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Brandeis University's Community Newspaper — Waltham, Mass.

Professors analyze the art of Carl Van Vechten

Published: October 12, 2012
Section: Arts, Etc.

Brandeis’ Close Looking series kicked off this Wednesday in the Rapaporte Treasure Hall with a look at the work of Carl Van Vechten, an artist with a diverse career that included photography. While the program started a half an hour late, the discussion, led by Professors Nancy Scott (FA) and Faith Smith (AAAS) quickly began and finished within the allotted time. It featured just a few of the 1,600 pieces of Van Vechten’s work owned by the University Archives Special Collections.

Smith and Scott talked about both the aesthetic qualities of the pieces, as well as Van Vechten’s personal history as both an artist and a patron to the arts. Van Vechten dealt mainly in portraiture, capturing some of the most prominent artists, writers and entertainers of his day. Portraits that were featured included those of Frida Kahlo, W.E.B DuBois, Salvador Dali and Zora Neal Hurston. Starting in the 1930s, Van Vechten began to photograph figures in the art community, mainly in New York. In particular, he focused on the African American community, both in his controversial and harshly criticized novel about Harlem-life in 1926, and in his choices of subjects when he moved on to photography.

Scott characterized Van Vechten’s goal in photography as a way to capture everyone who was essential to art in New York City at the time. Before he began his work in portraits in 1932, Van Vechten was a novelist and a successful music critic. He approached photography as an amateur, never showcased his work, and did not take photographs for profit. He simply captured his friends—and both Scott and Smith agree that it was a mark of importance to an artist if they could count Van Vechten as a friend. Indeed, having been photographed by him was a marker that the person could be taken seriously as an artist.

Though he took photographs mainly for himself and his friends, Scott showed that Van Vechten’s works do not lack aesthetic appeal. He featured people in a variety of poses and backdrops, often featuring strong geometric patterns. Scott says that the portraits of Van Vechten’s friends have heavily influenced how they are remembered today by much of the public, giving him a lasting influence on how artists of his era are perceived. For example, his portrait of Zora Neal Hurston is featured on her books today.

Smith led the second half of the presentation by discussing Van Vechten’s significance in putting forth representations of the African American community. She says that he was a patron of African American art in a time when imitating that culture was in vogue, putting the authenticity of his intentions in question. His portraits show a staged version of African Americans, allowing him to manipulate stereotypes. At the same time, he was caught in the middle of an era full of conflicting ideas of how to break with the old ways.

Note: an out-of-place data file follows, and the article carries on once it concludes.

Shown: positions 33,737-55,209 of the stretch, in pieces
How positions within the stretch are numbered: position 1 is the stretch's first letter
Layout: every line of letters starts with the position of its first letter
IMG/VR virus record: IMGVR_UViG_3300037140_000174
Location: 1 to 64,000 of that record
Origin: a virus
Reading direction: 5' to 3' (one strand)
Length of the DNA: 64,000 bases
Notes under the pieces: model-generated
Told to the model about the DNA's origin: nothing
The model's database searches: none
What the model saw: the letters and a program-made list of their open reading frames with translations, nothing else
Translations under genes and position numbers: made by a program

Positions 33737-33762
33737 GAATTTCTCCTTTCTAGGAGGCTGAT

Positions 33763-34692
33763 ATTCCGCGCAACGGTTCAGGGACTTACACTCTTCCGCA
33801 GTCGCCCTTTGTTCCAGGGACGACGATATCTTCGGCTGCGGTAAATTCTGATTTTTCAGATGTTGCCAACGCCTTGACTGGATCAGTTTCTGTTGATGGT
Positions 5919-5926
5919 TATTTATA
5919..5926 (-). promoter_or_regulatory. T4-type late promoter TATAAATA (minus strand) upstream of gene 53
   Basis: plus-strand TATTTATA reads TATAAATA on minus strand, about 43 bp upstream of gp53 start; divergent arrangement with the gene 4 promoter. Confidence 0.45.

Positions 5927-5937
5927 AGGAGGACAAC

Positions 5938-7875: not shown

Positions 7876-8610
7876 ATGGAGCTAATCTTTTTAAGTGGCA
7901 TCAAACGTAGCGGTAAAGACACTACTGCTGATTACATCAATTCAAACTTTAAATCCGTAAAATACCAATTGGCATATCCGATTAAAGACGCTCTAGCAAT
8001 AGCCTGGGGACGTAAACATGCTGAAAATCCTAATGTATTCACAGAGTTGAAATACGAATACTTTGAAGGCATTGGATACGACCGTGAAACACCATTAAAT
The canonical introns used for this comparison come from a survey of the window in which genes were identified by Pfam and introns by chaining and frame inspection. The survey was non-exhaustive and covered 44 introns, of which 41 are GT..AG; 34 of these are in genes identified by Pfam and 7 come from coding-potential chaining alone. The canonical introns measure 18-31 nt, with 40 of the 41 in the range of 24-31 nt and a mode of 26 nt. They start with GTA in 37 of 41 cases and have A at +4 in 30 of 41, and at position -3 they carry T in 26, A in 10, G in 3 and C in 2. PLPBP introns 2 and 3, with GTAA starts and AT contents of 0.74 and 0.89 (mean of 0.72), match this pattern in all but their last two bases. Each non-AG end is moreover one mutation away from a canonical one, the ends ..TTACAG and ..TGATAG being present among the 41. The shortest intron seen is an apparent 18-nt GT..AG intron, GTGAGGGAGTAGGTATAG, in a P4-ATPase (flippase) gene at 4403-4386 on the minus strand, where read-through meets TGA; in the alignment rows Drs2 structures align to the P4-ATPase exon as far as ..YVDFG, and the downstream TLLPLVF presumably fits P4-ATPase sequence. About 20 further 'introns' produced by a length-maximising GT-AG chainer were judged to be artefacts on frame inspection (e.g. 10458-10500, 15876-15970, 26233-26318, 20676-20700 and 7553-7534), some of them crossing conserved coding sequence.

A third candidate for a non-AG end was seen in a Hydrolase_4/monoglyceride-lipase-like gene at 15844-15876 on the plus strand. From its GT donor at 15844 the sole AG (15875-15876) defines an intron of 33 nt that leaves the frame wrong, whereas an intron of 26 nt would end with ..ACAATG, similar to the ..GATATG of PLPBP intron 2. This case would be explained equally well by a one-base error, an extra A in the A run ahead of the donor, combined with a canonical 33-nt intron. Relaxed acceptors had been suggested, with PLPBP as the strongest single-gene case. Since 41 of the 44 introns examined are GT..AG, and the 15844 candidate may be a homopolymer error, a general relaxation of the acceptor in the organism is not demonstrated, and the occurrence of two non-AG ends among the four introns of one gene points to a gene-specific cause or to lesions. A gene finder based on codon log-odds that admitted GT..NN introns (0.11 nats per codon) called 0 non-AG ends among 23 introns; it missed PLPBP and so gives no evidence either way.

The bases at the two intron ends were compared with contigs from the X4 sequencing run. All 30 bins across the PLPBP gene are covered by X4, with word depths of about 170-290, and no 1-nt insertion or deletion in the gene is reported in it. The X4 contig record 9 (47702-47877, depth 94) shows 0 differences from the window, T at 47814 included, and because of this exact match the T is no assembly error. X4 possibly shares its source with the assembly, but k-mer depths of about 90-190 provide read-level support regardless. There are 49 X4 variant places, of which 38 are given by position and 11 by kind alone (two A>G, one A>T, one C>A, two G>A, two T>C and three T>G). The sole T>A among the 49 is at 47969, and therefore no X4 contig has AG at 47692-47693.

Scott maintained, however, that rather than trying to manipulate the image of the African American artist, he was trying to promote it as it was. Throughout his careers as music critic, novelist and photographer, he was interested in the documentation of the world around him for generations to come. This is why he bequeathed over 1,600 of his photographs to the university upon his death in 1964, and why he helped fellow artists like Georgia O’Keefe set up exhibitions at other universities.

His work as an archivist later in life was just an extension of his work as an art patron. Smith says that he balanced the role of friend and patron. For example, one of his famous friends, Langston Hughes, sent him poetry to edit and review; Van Vechten responded by using his leverage with Alfred Knopf to get the poems published. On other occasions, he acted more as a friend by helping Zora Neal Hurston through dark times; because of this, she dedicated her novel “Tell My Horse” to him.

Van Vechten was a man who befriended some of the most talented people of his time. He not only helped them as a patron, but as a friend, often giving artists their first mark of distinction by photographing them. While Smith showed that his authenticity can be viewed as contentious, Scott showed that his legacy is one of an advocate for the arts and as a preserver of African American art culture of the first half of the twentieth century.